Figure 1

MRI of a female patient in her 20s confirming osteonecrosis of both condyles and patella: (A,B) left knee and (C,D) right knee.

Case 2

A male patient in his late teens presented to us with complaints of pain in the right knee and both hips. The patient had COVID-19 infection 4 months previously, for which he was admitted and treated with injection of methylprednisolone and dexamethasone tablet over 19 days with a dose equivalent to 1413 mg of prednisolone. MRI of the patient showed osteonecrosis of the right knee involving the distal femur and proximal tibia and Ficat-Arlet stage III AVN of both hips (figure 2). The patient was started on bisphosphonate therapy as per our protocol and was clinically better at 3 months of follow-up.

Figure 2

MRI of a male patient in his late teens confirming osteonecrosis of the right knee involving distal femur and proximal tibia.

Outcome and follow-up

The cumulative prednisolone equivalent steroid taken by the patients in our case series ranged from 900 mg to 1413 mg with a mean of 1156.5 mg. The interval between initiation of corticosteroid therapy and development of symptomatic osteonecrosis was 25 days in the first case and 4 months in the second case, with a mean duration of 73 days. Both patients were started on oral alendronate 70 mg/week in two divided doses along with a single dose of intravenous zoledronic acid 5 mg. Both patients were clinically better on follow-up at 3 months with no progression of osteonecrosis on radiographs.

Discussion

Osteonecrosis most frequently affects the hips, followed by the knee.7 Osteonecrosis of the knee was first described by Ahlbäck et al in 19688 and can be classified as (1) spontaneous osteonecrosis of the knee (also called primary osteonecrosis) usually affects the elderly population and single condyle; (2) secondary osteonecrosis (also called atraumatic osteonecrosis) usually affects younger individuals and both condyles; it is usually associated with corticosteroid use, renal disease, haematological disorders, etc; and (3) post-arthroscopy usually affects a single condyle.9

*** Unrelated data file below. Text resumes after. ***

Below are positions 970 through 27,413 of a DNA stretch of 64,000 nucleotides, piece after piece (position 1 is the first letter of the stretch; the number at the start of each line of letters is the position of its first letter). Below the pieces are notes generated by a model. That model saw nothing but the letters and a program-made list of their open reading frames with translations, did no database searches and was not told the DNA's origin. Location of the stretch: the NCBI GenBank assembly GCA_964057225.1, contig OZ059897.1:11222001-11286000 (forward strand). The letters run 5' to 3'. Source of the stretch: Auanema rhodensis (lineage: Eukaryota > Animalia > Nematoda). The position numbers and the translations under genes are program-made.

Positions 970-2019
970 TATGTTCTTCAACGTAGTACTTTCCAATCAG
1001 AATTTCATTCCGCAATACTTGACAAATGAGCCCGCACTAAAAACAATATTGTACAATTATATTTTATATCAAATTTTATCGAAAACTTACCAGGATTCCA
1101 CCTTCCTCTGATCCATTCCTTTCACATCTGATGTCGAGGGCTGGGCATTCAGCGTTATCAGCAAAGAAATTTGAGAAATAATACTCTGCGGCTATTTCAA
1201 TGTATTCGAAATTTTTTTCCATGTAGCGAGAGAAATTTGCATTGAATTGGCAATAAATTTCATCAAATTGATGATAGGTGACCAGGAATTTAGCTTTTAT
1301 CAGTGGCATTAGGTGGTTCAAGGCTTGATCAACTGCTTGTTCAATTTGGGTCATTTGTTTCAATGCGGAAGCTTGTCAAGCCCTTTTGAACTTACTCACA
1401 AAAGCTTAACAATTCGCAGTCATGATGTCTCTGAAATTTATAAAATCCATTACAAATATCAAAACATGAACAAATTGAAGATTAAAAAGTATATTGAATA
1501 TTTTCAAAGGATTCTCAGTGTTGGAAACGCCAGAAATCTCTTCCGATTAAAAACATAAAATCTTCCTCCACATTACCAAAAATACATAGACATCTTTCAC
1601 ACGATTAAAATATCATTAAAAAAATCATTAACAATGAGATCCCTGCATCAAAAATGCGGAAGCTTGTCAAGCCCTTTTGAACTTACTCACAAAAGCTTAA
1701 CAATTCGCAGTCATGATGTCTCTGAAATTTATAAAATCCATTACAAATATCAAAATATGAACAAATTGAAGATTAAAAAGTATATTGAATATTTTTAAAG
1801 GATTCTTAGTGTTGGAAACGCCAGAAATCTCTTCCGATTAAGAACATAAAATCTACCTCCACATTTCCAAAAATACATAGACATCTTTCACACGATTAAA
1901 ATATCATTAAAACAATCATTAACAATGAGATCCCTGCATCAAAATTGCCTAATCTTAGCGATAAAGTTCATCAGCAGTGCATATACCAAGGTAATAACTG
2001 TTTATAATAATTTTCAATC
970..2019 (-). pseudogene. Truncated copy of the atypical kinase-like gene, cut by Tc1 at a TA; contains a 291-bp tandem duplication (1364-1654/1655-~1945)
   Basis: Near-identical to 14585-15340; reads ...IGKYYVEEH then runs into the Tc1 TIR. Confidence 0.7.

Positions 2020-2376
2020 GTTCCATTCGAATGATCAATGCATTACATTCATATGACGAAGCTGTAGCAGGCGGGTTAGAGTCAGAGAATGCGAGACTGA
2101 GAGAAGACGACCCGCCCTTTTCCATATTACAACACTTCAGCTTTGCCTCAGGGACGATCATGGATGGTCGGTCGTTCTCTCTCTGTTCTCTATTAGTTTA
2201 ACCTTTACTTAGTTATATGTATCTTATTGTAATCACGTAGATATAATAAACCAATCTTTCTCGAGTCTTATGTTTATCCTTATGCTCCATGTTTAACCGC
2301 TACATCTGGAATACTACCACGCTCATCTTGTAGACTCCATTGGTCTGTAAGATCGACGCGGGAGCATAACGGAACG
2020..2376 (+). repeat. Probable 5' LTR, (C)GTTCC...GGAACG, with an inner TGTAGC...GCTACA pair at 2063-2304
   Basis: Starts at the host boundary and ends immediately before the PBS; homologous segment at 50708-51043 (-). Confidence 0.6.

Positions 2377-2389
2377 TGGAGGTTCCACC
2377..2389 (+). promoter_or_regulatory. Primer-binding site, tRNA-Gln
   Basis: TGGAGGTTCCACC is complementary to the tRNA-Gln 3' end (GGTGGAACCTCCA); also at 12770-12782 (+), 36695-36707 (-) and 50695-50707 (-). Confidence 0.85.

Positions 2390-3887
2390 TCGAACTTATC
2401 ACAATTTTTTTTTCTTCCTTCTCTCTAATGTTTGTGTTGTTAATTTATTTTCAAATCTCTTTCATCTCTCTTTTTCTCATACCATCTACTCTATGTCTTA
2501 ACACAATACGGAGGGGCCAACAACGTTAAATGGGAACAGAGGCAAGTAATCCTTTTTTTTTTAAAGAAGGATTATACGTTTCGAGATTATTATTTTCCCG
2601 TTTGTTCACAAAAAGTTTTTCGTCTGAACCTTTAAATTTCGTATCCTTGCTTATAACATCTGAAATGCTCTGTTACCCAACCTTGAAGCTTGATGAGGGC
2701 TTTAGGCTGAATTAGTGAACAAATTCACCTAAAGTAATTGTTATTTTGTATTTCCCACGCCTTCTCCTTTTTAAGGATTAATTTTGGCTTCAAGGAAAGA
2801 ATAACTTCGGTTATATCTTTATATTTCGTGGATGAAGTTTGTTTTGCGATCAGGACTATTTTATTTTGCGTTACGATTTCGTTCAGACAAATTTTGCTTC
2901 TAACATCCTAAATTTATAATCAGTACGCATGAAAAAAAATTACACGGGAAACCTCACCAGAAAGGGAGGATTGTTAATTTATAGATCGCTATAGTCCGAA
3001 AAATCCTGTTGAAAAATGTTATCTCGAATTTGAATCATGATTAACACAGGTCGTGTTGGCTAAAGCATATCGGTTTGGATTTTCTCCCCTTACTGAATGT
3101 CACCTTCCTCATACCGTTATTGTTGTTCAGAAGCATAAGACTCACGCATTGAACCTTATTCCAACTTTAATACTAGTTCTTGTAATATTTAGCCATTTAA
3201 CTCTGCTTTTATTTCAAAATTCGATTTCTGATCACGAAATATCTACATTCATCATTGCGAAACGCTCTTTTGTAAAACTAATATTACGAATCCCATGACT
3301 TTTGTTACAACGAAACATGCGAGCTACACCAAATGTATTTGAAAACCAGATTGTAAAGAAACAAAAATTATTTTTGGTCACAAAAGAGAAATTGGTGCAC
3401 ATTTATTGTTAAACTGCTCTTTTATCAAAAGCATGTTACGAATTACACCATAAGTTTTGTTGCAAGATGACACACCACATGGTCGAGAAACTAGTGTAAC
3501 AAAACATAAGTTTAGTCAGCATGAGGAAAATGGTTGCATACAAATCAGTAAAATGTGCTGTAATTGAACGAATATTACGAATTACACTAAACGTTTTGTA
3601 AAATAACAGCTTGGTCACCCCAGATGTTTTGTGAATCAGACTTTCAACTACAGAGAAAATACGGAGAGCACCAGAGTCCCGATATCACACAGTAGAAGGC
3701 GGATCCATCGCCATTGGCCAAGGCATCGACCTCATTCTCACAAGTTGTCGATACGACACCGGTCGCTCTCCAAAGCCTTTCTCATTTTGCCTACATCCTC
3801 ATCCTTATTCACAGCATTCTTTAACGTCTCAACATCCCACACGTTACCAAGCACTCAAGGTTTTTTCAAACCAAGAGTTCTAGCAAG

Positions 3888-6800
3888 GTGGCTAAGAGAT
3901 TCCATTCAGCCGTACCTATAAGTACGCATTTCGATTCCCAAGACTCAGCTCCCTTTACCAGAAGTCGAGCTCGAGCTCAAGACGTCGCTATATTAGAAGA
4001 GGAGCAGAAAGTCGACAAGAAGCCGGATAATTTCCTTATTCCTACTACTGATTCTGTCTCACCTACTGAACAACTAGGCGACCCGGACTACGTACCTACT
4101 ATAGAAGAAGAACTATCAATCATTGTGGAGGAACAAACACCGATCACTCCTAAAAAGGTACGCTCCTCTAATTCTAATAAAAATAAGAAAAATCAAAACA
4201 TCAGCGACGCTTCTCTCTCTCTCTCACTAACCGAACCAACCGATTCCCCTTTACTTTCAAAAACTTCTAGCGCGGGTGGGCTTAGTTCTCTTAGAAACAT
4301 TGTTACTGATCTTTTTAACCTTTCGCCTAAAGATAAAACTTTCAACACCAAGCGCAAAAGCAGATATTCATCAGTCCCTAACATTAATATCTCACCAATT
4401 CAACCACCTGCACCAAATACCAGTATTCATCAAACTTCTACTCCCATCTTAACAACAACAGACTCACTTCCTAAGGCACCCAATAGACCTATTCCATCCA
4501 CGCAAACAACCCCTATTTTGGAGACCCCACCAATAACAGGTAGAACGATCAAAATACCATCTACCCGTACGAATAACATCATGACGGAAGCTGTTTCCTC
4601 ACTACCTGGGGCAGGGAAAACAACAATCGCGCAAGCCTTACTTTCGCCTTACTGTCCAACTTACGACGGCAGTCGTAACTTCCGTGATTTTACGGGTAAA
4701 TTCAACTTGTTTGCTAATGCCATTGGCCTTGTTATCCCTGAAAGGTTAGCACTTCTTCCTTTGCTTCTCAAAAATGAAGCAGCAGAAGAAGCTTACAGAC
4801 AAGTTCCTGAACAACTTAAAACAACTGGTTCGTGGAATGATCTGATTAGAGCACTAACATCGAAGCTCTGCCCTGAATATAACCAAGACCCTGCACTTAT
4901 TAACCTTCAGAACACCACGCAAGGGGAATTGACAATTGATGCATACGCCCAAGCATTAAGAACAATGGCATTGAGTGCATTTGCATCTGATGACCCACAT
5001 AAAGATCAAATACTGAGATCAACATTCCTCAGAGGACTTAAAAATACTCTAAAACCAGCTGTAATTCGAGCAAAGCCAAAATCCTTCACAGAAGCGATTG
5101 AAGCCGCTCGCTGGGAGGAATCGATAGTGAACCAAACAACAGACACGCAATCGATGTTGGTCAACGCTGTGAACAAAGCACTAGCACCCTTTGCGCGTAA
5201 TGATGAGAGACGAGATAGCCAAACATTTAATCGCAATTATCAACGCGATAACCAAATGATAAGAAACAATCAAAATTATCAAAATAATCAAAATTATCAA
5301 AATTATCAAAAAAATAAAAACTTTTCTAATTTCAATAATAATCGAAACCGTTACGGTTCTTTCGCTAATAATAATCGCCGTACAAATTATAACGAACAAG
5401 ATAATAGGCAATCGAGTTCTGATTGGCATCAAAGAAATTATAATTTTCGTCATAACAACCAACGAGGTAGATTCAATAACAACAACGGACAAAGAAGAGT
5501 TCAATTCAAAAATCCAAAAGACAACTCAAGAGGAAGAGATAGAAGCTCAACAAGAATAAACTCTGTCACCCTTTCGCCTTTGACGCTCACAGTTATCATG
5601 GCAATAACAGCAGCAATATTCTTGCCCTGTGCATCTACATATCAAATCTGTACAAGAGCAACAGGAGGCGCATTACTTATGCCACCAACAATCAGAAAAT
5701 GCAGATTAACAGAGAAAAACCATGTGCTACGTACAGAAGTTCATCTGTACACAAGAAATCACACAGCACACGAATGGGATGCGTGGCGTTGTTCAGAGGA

Multiple classes of drugs have been studied for the management of moderate and severe COVID-19 infection. Among those, corticosteroids have been found to be life-saving in severe cases of COVID-19 infection.10 However, they are also known to be an independent risk factor for the development of osteonecrosis. The pathogenesis of osteonecrosis is not entirely understood but is believed to be multifactorial. Vascular occlusion, fat cell hypertrophy, fat emboli, hypercoagulability and vascular endothelial dysfunction are some of the mechanisms postulated in the pathogenesis of osteonecrosis.11 It is postulated that hypercoagulability, leucocyte aggregation and endothelial dysfunction, in addition to the use of corticosteroids in COVID-19 infection, can contribute to the development of osteonecrosis.12

Studies have shown that cumulative doses of steroids may be an important factor for osteonecrosis.13 However, there is no consensus regarding the exact dosage and duration of steroid usage, which can lead to the development of osteonecrosis. A review of literature showed reports of osteonecrosis of the knee with cumulative doses ranging from 1012 mg to 6562 mg of prednisolone.3 14–16 In our patients, the cumulative dose ranged from 900 mg to 1413 mg of prednisolone with a mean dose of 1156.5 mg.

After initiation of corticosteroid therapy, osteonecrosis can develop as early as within 1 year.13 Oinuma et al, in their case series, showed that osteonecrosis of the hips and the knee could be detected in 44% of patients with systemic lupus erythematous at an average of 3.1 months from corticosteroid therapy use.17 However, rare cases have been reported even within 1 month of initiation of corticosteroid therapy, as reported by Yildiz et al in a patient with idiopathic thrombocytopenic purpura.18 In the cases we report here, one of the patients developed symptomatic osteonecrosis of the knee very early (25 days after initiation of corticosteroid therapy) with an average onset at 73 days.